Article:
Meanwhile, in Keller v. NCAA, EA appealed a District Court judge's ruling denying its motion to strike right-of-publicity claims asserted by Keller.  EA claimed that its use of the player's likeness and jersey numbers was a transformative use and therefore protected by the First Amendment.  But the Ninth Circuit affirmed the lower court in July 2013.

Lawyers for those cases and for a similar suit, O'Bannon v. NCAA, signed their fee-splitting agreement on Sept. 24, 2013.  And two days later, on Sept. 26, 2013, EA agreed at a mediation session to settle the three suits for $40 million.  In June 2014, the NCAA agreed to pay $20 million to settle the three suits.

Hagens Berman argued before Wilken that it should receive the largest portion of the fee award in the case because a ruling it obtained from the Ninth Circuit in Keller was the catalyst for the $60 million settlement.  McIlwain, for his part, maintains that a ruling he received from the Third Circuit in Hart was the catalyst for the settlement and, therefore, he is entitled to over $4 million in fees.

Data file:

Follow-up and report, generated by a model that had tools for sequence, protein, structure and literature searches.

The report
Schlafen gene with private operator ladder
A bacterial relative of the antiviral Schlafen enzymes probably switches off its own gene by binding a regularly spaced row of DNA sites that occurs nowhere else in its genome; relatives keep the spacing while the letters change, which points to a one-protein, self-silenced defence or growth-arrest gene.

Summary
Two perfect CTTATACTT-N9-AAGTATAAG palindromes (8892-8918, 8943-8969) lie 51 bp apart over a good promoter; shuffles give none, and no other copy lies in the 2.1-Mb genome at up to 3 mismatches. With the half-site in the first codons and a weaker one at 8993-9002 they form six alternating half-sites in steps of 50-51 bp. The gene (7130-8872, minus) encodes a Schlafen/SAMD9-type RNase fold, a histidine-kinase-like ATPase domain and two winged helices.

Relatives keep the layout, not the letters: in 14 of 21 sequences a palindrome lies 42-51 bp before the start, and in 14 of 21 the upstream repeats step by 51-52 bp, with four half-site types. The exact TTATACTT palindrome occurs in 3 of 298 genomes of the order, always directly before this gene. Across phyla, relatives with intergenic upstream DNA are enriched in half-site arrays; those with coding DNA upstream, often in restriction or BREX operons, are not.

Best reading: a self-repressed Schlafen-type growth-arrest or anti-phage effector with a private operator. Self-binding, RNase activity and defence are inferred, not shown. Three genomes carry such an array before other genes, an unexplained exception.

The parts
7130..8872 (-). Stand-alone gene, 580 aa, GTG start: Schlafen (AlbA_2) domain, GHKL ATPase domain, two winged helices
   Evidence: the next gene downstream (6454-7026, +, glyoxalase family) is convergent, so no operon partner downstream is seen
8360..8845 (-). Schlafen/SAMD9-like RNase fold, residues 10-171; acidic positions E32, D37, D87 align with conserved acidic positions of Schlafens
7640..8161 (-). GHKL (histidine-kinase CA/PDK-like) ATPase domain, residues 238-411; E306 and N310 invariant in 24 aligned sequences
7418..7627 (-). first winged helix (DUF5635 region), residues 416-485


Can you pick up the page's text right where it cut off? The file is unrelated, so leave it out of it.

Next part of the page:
But Wilken said in a Dec. 10, 2015, order that the right-of-publicity claims raised under California law in Keller exposed EA to the greatest liability.  That finding weighed in favor of a finding that the Keller case made the most significant contribution to the settlement, Wilken said.

Aragon, who is in Hagen Berman's Phoenix office, said his firm has not been served with the complaint yet, but added that the fee distribution was resolved by Wilken.  "Any attempt to bypass the court's order is frivolous.  If we are served, we will move to dismiss the case and will seek fees and costs against Mr. McIlwain."